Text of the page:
‘Jealous’ partner’s fatal act

Police officers at the homicide scene in Kelvinside Road, Noble Park in September 2021. 252483_13 Picture: GARY SISSONS

By Cam Lucadou-Wells

Friends had suspected ongoing family violence before a 26-year-old Noble Park woman was stabbed to the death by her partner, a state coroner has reported.

Ngoc Bao Vy Tran was attacked in her partner’s apartment bed at Kelvinside Road on 30 September 2021.

She died at Dandenong Hospital of the multiple stab wounds later that morning.

Her partner Stephen Nguyen, then 37, was acquitted in the Victorian Supreme Court of her murder due to mental impairment.

Coroner John Cain stated in his report on 14 June that Nguyen had felt strange and paranoid the day before the attack.

He picked Ms Tran up after work and took her to his home. They had dinner together, went to bed before Nguyen got up and took a knife from the kitchen.

He stabbed her six times and then himself.

“He later reported to police that he had intended to murder Ms Tran and then suicide,” Judge Cain stated.

The pair, both born in Vietnam, had met on Facebook in Australia in 2019.

They had been in an off-and-on relationship for two years in which friends and neighbours were aware of loud arguments and Nguyen’s jealous controlling behaviour.

“The available evidence suggests that friends of Ms Tran were aware of or suspected that Mr Nguyen was perpetrating violence against Ms Tran prior to her death,” Judge Cain wrote.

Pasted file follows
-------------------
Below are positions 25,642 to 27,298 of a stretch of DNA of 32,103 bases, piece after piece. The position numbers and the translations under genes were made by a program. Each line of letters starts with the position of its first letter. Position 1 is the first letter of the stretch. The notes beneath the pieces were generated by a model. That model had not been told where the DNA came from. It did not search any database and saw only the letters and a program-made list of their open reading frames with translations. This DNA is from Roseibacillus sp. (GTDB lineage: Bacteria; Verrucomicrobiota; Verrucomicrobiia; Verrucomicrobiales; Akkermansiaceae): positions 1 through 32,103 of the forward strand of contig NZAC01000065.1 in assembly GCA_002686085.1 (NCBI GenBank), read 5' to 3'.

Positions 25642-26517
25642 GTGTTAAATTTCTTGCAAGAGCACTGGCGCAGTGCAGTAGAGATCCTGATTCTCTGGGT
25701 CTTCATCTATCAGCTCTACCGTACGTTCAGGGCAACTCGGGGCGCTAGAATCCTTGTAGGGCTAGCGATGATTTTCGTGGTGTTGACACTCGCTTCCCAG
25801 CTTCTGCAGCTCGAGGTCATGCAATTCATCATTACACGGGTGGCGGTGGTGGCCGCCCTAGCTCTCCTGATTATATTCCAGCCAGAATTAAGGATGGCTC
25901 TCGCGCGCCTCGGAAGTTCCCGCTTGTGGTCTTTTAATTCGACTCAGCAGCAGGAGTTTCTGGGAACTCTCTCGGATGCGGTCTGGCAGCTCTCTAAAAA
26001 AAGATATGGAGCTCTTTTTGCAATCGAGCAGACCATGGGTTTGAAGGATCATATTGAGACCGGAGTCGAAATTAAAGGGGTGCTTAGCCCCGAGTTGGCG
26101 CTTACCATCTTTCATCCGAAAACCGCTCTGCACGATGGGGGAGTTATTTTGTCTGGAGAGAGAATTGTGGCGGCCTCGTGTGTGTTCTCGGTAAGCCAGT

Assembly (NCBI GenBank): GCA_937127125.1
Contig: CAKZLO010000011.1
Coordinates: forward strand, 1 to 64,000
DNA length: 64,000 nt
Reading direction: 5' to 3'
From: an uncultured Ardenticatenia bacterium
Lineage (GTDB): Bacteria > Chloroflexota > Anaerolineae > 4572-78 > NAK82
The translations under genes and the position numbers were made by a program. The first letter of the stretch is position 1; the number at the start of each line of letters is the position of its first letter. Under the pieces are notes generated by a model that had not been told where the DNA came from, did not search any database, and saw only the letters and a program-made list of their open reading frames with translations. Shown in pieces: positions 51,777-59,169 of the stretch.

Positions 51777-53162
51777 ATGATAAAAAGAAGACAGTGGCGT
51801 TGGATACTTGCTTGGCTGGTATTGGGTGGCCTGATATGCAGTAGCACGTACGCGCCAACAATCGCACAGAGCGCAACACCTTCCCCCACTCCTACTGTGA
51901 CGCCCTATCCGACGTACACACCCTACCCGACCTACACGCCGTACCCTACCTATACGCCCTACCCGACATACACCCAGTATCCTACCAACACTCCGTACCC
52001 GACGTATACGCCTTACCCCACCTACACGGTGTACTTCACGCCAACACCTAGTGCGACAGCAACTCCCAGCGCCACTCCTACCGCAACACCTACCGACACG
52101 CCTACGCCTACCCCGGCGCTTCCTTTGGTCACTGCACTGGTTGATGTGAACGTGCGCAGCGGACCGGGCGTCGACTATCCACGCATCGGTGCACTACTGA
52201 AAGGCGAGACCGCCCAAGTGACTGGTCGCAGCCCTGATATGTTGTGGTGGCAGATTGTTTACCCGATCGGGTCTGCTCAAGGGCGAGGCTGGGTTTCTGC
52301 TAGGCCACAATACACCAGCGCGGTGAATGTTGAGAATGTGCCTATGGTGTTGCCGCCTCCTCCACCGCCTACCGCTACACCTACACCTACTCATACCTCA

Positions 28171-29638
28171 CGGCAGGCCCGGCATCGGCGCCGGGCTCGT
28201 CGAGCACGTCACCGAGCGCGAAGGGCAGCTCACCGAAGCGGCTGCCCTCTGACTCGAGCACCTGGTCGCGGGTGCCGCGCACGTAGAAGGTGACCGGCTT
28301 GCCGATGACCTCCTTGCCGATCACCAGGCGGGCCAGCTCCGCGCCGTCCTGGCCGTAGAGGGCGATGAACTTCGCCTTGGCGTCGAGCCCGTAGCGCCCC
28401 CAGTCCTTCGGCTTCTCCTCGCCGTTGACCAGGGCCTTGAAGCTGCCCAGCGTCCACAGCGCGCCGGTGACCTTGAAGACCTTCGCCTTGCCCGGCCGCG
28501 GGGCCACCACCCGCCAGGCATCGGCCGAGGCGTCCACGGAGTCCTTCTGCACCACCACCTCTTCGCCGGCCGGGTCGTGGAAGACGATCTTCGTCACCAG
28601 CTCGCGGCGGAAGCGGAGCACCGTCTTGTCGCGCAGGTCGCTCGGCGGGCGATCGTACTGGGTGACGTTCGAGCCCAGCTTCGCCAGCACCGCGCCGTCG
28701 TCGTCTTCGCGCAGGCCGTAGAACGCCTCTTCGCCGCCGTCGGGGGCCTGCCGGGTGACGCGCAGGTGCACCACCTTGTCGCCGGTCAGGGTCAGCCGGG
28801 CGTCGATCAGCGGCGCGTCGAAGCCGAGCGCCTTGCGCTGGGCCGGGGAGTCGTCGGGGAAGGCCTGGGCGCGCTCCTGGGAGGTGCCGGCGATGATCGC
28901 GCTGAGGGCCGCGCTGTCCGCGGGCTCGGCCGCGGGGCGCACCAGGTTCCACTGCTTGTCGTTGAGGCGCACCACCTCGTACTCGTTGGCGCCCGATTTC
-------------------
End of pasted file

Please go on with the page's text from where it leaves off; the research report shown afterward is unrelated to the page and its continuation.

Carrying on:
“But it does not appear that any relevant support services were contacted in relation to this violence.”

This was the case in many family violence homicides examined by the Coroner’s Court, he noted.

“Research … indicates that victims of family violence are more likely to talk to family and friends about their experiences of violence than contact family violence support services or the police.”

Ms Tran had reported to her friend that Nguyen was verbally abusive and throwing objects in anger.

The friend described him as a “jealous person with a hot temper and … controlling and jealous behaviour”.

He would “go crazy” if he saw a message from a male on Ms Tran’s phone. And would repeatedly message her while she was at a work party, requesting photos to prove where she was.

Neighbours also reported loud arguments at Nguyen’s home, and they reportedly intervened in a dispute in which Nguyen repeatedly punched his car’s window.

Judge Cain said “coercive control” was a “commonly reported theme” in the lead-up to family violence homicides.

But few victims recognised that controlling behaviour was domestic violence or linked to a risk of serious harm, he noted from a study.

Past coronial findings had recommended research-based targeted services to “informal supporters” assisting family violence victim survivors.

In 2021, Family Safety Victoria responded to the court that it was undertaking work to aid “informal supporters” in “priority communities” with Active Bystander Action and Intervention training.

The state’s peak family violence services body Safe and Equal has launched a ‘Are You Safe At Home?’ website including information on how to approach and help a potential victim-survivor.

The information is available in 15 languages including easy English, Judge Cain noted.

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